Single Moms: Proof of Success Is in the Pudding
The single mom in this saga is a role model of strength, dedication, and commitment, with a strong vision of moving ahead.
Before they were out of cribs, Rita's daughters Penny and Polly could be counted among the large contingency of children being raised by single moms. By the time they were seven and eight, their father, a playful and present participant in their lives, remarried, severing all but a minute amount of contact with his daughters. Despite his absence and the emotional toll that might have overwhelmed other impressionable little girls, Polly and Penny managed to get through school as top students, participate in all kinds of extracurricular activities, and develop friendships with boys and girls. Currently they are college grads with budding careers. Marriage is on the horizon for Polly.
A great deal of their success rests with their mother Rita, a 50-year-old educator who has never remarried. "My kids came first. Everything I did I chose to do. I was 100 percent there for them, just as I would be if I were married. They had quality of time, my undivided attention, and physical and emotional support. I must admit that when I got divorced I thought being single would be temporary. But with the men who entered my life, it would have been hard for me to watch them parent my kids. That wasn't martyrdom; it was simply my choice, as was not having men sleep over. There was just a real respect among the three of us for each other."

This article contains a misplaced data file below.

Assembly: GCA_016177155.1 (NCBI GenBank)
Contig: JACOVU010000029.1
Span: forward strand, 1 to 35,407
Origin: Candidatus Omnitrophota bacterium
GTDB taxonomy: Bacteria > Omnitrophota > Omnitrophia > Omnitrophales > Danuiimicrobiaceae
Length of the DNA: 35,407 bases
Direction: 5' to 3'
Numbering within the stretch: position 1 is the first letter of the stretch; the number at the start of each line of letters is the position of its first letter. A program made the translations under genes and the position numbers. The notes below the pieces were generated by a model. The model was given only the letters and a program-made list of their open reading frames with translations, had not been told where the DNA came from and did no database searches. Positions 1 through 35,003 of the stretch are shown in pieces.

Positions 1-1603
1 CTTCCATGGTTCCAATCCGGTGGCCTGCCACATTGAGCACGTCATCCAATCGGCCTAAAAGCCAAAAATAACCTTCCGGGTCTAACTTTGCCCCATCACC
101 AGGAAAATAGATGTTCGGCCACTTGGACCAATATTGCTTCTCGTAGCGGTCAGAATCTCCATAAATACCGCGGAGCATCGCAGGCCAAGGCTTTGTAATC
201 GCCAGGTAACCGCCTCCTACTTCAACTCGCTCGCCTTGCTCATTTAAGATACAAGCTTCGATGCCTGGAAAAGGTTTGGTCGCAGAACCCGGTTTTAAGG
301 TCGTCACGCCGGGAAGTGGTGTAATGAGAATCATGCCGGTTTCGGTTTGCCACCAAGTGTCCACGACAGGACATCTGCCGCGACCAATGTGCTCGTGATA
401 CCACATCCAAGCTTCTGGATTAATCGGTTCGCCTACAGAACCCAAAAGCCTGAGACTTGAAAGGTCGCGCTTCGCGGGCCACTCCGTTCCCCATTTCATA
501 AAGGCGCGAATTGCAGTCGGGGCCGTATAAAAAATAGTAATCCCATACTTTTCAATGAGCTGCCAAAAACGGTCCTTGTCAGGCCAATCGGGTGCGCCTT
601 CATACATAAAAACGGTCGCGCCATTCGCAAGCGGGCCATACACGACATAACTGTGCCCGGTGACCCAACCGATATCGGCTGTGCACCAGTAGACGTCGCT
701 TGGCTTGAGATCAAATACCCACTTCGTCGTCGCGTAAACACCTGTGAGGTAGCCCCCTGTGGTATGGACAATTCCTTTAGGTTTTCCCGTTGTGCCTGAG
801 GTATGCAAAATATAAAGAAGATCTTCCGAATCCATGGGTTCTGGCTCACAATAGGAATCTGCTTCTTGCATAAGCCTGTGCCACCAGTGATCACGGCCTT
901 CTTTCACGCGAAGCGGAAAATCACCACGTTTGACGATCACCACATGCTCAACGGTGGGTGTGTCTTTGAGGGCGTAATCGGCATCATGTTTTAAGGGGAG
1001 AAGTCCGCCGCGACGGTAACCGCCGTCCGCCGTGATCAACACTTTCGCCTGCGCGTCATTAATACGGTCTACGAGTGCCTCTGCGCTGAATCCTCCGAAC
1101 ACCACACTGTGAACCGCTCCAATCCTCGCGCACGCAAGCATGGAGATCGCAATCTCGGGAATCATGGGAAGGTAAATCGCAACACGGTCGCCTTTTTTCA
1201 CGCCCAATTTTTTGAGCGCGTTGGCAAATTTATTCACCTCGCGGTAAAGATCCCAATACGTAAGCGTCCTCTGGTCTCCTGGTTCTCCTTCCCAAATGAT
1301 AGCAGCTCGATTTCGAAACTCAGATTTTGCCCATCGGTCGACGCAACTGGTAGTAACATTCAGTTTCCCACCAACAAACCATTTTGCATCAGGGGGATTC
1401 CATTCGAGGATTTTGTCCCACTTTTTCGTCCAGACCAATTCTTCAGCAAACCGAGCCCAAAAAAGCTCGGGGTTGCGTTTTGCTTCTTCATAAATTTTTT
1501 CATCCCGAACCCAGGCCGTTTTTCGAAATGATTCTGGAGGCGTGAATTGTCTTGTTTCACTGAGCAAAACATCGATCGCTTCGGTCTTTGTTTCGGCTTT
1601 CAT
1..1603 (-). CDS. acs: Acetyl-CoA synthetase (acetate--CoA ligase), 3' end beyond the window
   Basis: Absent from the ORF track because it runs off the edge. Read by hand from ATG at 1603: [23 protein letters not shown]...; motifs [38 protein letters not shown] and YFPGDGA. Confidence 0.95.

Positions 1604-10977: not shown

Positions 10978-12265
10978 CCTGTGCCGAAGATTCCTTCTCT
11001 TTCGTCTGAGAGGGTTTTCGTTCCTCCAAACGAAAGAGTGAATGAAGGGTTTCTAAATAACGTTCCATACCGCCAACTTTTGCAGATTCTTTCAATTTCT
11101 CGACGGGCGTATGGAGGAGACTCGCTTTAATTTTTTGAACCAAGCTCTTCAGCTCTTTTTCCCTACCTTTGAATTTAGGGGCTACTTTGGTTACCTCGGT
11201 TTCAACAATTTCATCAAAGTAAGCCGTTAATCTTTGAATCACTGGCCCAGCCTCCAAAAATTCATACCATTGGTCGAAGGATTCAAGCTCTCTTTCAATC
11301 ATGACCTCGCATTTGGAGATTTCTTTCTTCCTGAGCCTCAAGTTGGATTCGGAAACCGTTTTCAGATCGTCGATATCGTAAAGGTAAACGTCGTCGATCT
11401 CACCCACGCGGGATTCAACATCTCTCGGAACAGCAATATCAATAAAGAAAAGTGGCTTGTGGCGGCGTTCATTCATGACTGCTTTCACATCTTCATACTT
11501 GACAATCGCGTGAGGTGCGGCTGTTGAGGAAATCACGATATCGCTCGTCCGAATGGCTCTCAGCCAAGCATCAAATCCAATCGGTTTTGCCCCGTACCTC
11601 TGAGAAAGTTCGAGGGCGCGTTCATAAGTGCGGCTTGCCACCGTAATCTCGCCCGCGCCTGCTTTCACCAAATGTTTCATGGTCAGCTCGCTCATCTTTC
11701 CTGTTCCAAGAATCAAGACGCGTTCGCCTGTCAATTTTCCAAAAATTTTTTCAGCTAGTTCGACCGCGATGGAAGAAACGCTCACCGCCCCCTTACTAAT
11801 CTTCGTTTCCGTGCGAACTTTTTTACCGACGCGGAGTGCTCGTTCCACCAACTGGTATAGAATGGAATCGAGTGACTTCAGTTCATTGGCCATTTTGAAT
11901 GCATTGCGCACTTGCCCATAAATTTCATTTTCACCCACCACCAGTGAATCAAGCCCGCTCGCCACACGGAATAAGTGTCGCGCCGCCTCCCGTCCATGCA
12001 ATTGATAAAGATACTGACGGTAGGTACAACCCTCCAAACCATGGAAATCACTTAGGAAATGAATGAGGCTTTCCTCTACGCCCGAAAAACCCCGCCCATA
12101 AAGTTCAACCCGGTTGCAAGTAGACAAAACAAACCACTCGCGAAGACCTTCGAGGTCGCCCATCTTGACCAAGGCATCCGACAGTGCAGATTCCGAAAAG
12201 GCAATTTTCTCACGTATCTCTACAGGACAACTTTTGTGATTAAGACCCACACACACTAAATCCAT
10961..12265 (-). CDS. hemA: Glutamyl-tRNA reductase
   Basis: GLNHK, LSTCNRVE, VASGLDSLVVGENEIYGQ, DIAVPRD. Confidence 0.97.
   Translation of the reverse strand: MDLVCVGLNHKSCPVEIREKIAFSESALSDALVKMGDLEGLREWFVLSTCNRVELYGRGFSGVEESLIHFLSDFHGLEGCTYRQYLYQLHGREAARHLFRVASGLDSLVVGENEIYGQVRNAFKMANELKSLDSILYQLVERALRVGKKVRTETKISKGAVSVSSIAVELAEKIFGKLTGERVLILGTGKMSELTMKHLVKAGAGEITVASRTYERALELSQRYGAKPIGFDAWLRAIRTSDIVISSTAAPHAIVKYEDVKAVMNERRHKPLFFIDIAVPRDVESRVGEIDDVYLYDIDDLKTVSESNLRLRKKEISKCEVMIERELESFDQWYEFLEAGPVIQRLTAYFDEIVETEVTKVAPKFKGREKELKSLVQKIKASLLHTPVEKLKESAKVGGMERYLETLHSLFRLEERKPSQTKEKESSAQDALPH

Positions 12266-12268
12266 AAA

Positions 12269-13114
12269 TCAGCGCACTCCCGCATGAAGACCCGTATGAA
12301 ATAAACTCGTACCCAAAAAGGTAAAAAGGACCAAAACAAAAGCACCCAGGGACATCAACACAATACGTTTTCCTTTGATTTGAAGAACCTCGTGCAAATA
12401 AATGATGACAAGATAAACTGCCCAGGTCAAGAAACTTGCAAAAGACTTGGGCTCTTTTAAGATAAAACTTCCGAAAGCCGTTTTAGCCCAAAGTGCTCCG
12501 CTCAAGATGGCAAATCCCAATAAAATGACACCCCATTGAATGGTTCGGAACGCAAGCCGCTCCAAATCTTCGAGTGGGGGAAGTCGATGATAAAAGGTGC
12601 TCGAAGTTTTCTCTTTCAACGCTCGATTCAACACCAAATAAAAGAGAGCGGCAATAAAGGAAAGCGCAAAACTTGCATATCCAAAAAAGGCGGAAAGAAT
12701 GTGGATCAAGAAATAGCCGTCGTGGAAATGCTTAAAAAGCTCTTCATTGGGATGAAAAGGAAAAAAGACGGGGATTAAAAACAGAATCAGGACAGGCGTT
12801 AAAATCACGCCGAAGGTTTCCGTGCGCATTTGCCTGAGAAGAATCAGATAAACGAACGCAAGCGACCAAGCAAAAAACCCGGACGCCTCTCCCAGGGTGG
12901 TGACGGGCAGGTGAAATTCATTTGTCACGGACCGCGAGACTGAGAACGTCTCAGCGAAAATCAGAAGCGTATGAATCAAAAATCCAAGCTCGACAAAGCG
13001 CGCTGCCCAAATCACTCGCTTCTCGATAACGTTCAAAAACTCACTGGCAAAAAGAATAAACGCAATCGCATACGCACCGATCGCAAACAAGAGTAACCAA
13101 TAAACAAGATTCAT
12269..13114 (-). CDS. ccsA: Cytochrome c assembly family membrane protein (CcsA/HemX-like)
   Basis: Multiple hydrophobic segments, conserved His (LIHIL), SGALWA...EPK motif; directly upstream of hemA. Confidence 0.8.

"You cannot compensate for the lack of a father. I felt my time and energy would best be spent in supporting them, being open to listening to them without poking around and intruding on feelings they did not want to share. We were very up front and forthcoming with each other. I wasn't looking for anyone to take the place of their father, and I didn't try to replace him either. Even though our family had a missing link, I could provide the girls with the example of a work ethic, how to deal with people, and how to be a strong female. I presented myself as a very real person with flaws who had achieved a healthy balance.
"I think they would agree that they came through as unscathed as one can under the circumstances, although not having a father in their lives will always affect them, partly because I didn't allow them to use that as an excuse. I knew that factored into the equation and I validated those feelings, but they knew that they were expected to move on as I had and become lifelong learners about the world and themselves."
Excerpted from The Complete Idiot's Guide to Mothers and Daughters © 2001 by Rosanne Rosen. All rights reserved including the right of reproduction in whole or in part in any form. Used by arrangement with Alpha Books, a member of Penguin Group (USA) Inc.
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